Project Safe Flight Injured Warbler

© NYC Audubon

Since the program’s inception in 1997, over 6,500 dead and injured birds have been collected and documented in our database. Project Safe Flight’s Research Program improves our understanding of the causes behind urban bird collisions, and studies ways to prevent bird collisions from occurring. Our successes include the retrofitting of the Morgan Mail Processing Facility (421 8th Avenue), and the Jacob K. Javits Convention Center (655 West 34th Street), where collisions have since dropped dramatically. We have also collaborated with the American Bird Conservancy on the widely distributed Bird-Friendly Building Design.

If you are an architect or landscape architect and would like more information on bird-friendly design, or to request an AIA accredited training session to receive continuing education credits, please contact Susan Elbin at This email address is being protected from spambots. You need JavaScript enabled to view it. .

In 2014 we added an important tool to Project Safe Flight: D-Bird. An online crowd-sourcing data collection tool, D-Bird provides a way for the public to enter records of dead or injured birds, contributing to our Project Safe Flight research. Crowd-sourced data can help to provide context and guidance for more scientifically rigorous research efforts, such as the traditional Project Safe Flight monitoring protocols. If you find a dead or injured bird, you can click here to submit a report through D-Bird. Periodically, NYC Audubon staff will analyze these reports and work to integrate and relate these results to existing Project Safe Flight research. Below you can see a frequently updated map of the data already submitted through D-Bird. You can view specific entries by placing your mouse over each data point on the map.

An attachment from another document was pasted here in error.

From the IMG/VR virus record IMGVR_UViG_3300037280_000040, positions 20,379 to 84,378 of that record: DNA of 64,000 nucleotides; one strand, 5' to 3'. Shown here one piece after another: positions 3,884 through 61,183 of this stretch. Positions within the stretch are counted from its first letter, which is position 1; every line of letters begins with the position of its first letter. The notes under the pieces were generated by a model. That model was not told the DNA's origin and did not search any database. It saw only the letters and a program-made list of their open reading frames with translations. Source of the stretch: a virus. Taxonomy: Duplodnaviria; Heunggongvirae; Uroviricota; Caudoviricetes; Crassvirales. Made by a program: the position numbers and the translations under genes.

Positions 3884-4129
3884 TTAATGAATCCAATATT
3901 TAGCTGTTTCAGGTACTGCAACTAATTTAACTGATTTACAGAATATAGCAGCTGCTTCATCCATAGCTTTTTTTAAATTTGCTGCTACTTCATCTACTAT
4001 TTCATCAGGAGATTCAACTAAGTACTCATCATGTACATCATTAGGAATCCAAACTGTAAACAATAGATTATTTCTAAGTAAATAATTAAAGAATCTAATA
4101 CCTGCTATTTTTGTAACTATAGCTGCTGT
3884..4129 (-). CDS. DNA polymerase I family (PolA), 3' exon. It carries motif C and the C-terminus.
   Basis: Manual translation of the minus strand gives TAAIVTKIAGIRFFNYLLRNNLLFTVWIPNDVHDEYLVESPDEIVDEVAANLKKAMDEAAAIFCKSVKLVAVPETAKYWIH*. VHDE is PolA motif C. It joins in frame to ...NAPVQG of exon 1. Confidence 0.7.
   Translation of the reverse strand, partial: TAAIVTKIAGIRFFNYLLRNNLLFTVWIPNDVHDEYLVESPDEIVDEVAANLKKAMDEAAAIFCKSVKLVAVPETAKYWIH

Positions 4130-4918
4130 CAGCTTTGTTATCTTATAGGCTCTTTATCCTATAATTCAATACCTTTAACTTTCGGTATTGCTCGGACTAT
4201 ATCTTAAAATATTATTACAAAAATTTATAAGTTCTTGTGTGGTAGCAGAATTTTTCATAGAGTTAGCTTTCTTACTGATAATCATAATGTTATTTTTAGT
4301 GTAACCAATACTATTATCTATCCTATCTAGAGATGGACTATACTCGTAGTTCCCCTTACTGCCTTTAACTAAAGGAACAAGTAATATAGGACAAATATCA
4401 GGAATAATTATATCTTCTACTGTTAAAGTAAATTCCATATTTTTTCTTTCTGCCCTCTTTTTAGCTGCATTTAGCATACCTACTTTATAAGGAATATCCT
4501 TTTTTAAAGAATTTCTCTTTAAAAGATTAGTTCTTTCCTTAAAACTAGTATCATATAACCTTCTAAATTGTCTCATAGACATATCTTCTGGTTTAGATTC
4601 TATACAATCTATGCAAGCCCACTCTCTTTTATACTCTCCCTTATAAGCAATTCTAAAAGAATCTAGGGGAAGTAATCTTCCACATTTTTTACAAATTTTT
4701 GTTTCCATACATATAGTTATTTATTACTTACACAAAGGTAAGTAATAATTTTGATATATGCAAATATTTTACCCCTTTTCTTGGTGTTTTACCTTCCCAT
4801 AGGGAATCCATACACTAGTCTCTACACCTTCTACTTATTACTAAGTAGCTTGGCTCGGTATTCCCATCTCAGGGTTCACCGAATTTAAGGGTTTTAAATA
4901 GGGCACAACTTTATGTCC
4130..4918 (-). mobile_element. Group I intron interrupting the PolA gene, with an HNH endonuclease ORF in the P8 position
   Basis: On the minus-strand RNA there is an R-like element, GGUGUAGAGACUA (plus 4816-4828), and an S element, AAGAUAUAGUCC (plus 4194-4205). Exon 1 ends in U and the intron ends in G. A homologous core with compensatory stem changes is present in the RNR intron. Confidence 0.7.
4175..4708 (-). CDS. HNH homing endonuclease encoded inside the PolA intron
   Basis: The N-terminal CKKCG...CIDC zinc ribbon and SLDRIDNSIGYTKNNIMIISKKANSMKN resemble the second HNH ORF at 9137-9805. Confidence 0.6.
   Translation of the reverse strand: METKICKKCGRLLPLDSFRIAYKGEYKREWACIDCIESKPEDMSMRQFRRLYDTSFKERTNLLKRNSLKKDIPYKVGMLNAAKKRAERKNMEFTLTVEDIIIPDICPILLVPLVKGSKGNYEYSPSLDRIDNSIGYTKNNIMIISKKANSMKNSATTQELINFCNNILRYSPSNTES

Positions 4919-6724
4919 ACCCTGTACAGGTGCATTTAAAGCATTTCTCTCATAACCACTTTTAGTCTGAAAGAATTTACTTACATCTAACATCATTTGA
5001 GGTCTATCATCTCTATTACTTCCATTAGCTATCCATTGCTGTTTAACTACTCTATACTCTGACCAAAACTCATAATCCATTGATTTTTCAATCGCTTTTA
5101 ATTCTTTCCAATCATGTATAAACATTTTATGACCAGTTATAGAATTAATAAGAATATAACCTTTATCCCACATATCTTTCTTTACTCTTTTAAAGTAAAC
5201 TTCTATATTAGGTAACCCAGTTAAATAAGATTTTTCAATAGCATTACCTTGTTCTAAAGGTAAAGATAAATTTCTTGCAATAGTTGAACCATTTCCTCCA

Overall Research Findings
Since the inception of Project Safe Flight, we have found that the white-throated sparrow is the species with the most collisions in New York City:

And we have learned that the 12 species with the highest collisions make up 58 % of all the species involved in collisions.

Since 1997, PSF has amassed a large database and we frequently analyze these data. If you have a question about our research findings, please contact our Conservation Biologist Kaitlyn Parkins at This email address is being protected from spambots. You need JavaScript enabled to view it. . Click here to see our report on the spring and fall 2015 seasons.

Lights Out New York
Project Safe Flight’s affiliate program, Lights Out New York, promotes education and outreach by encouraging owners of tall buildings to turn off lights during the two migration seasons to help save night-migrating birds while reducing energy costs. A twofold win!

Turning off the lights and drawing the blinds can help save thousands of birds from over 100 different species every year!

[b]Birds "Trapped" in 2016 Tribute in Light Memorial's Beams[/b][br]© NYC AudubonBirds "Trapped" in 2016 Tribute in Light Memorial's Beams
© NYC Audubon

Tribute in Light Monitoring
As part of our job as guardians of migrating birds, NYC Audubon staff and volunteers have monitored the Tribute in Light memorial since 2002 to ensure that night-migrating songbirds, which in some years are attracted in huge numbers to the Tribute’s powerful light beams, are not exhausted and injured during the all-night event.

The evening of September 11, 2010 was significant because there were times when thousands of birds were drawn to the lights and "trapped." Similarly, in 2015 the lights had to be turned off a record of eight times to allow thousands of birds to migrate safely over New York City. NYC Audubon has worked closely with the National September 11 Memorial and Museum (previously the Municipal Art Society of New York) to minimize the impact on these birds by turning out the lights when necessary.

[b]Chestnut-sided Warbler at Our Bronx Zoo Testing Tunnel[/b][br]© NYC AudubonChestnut-sided Warbler at Our Bronx Zoo Testing Tunnel